What happens when a number of things you like also become a number of things that worry you? I was listening to the radio when I came across a story that simultaneously intrigued, excited and worried me. There was an entrepreneurial element, a do it yourself philosophy, a crowd sourcing activity, innovation and an environmental focus, all things I think are pretty cool. It also had an entrepreneurial element, a do it yourself philosophy, a crowd sourcing activity, innovation and an environmental focus that made me think…was there a touch of mad scientist about it? Was what they were doing safe, ethical…wise?
So what was causing me this dilemma? My challenge was, glowing plants. Yup, you read me right. Glowing plants sit at the centre of my conundrum. Let me back up a bit for those of you who haven’t come across this gem. Three guys from California known as biohackers, (no I’d never heard of that term before) were working on engineering a plant that would glow in the dark. The idea was that if you could get the plant to the right luminosity (a 60 watt bulb…no pun intended) you could use the plants as an alternative to electrical lighting. This new technology could reduce the amount of light noise that is so prevalent in cities, that glow that blocks the stars. What’s more, with our glowing plants we could reduce the strain on our hydro electrical systems. Imagine not worrying about the usual summer blackouts or the more terrifying winter ones.
These Do-It-Yourself scientists from a lab called, BioCurious used social media to reach out and grab attention. They asked for donations for their research and in return, they would share their seeds with investors. They started out with a goal of raising $65,000 but ended up bringing in over $480,000. Who knew glowing plants would have so much appeal?
The thing is, these guys would be working outside of any university, institute or regulatory body. This is where my conundrum shows up. I’ve worked in the health sector for while now. Have heard endlessly about the concerns pharmacists had around everything from poor prescribing to poor disposal of chemicals…strange things happen when you put a drug in the wrong place, whether that place is your body or the environment. I’ve also had enough pharmaceutical manufacturing clients and partners to know the degree of review and oversight they put in place to ensure safety. However, despite what can sometimes seem like insurmountable regulatory roadblocks, drugs can still make it to the public that might do harm. That isn’t because no one cared or someone wasn’t diligent, it’s because you can’t always discover what the full effects of a drug are until it’s been used by thousands of people. It’s also because once a drug is on the market secondary uses are often discovered and then the drug can be given to an entirely new group of individuals before full trials are conducted.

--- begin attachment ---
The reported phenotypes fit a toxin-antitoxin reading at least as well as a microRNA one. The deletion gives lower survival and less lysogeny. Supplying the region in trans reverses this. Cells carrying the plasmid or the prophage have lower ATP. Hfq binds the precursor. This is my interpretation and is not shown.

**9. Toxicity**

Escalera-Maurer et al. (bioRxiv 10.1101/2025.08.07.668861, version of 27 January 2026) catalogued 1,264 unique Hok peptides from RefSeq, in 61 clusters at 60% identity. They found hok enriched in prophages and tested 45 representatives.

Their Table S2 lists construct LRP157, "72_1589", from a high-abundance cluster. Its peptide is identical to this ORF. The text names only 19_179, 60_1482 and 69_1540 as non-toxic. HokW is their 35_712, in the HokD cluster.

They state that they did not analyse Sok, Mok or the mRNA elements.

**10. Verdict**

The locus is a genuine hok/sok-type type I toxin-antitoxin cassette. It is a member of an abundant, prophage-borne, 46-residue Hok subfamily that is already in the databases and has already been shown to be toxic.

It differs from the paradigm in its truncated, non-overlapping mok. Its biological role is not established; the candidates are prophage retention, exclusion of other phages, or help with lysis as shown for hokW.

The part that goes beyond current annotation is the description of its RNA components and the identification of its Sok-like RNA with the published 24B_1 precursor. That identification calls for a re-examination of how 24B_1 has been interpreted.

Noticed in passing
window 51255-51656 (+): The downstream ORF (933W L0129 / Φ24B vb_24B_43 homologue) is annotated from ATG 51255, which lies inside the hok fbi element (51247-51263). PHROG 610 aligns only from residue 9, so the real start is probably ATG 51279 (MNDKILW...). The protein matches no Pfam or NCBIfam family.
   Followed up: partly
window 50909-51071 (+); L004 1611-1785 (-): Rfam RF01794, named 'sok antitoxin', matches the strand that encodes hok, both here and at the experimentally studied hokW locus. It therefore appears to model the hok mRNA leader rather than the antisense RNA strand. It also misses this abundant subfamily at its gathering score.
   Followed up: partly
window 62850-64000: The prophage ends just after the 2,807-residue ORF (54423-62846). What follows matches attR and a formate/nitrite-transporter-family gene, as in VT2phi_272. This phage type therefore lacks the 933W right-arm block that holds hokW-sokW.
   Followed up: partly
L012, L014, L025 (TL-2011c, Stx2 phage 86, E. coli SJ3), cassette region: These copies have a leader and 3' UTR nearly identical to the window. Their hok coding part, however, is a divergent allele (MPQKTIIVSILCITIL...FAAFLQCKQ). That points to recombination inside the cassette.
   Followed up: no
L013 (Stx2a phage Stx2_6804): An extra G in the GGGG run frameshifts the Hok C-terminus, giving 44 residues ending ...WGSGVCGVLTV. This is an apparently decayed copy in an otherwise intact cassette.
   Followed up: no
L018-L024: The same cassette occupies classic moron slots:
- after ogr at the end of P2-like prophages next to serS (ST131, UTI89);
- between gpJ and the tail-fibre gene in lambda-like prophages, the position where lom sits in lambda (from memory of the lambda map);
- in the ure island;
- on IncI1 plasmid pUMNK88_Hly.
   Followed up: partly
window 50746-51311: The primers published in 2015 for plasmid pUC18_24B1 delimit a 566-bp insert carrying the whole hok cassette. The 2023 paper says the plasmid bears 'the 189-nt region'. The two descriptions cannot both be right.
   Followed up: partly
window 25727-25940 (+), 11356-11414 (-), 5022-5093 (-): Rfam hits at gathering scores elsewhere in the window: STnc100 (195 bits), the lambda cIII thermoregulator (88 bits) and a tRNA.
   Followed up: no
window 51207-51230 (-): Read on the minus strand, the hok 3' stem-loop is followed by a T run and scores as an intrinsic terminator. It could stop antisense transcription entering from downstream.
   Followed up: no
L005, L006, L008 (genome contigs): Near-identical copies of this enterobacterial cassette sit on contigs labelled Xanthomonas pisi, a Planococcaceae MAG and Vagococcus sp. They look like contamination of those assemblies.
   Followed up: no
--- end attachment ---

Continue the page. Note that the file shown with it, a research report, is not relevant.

How safe was it then for these biohackers to distribute their seeds to people anywhere in the world simply based on their financial contributions? What impact could these plants have on our environment…on us? Needless to say the entire project sparked a whole debate around modified foods/agriculture and of course, how they had worked their way around the regulatory system. Social media is pretty powerful stuff. You can read more about it on the link below or listen in on the podcast from the CBC.
What do think? Cool new take on Power-Plant or really just a scary Franken-Flower?
Results from last weeks poll reveal, that just over 35% of us fall for the lure of stats, another 35% are occasionally seduced by their call and a clever 28% are just not biting.
- Glowing Plants: Crowdsourced Genetic Engineering Project Ignites Controversy (ScientificAmerican.com)
- As It Happens Podcast (6:05 start point) (CBC Radio, As It Happens from June 7, 2013)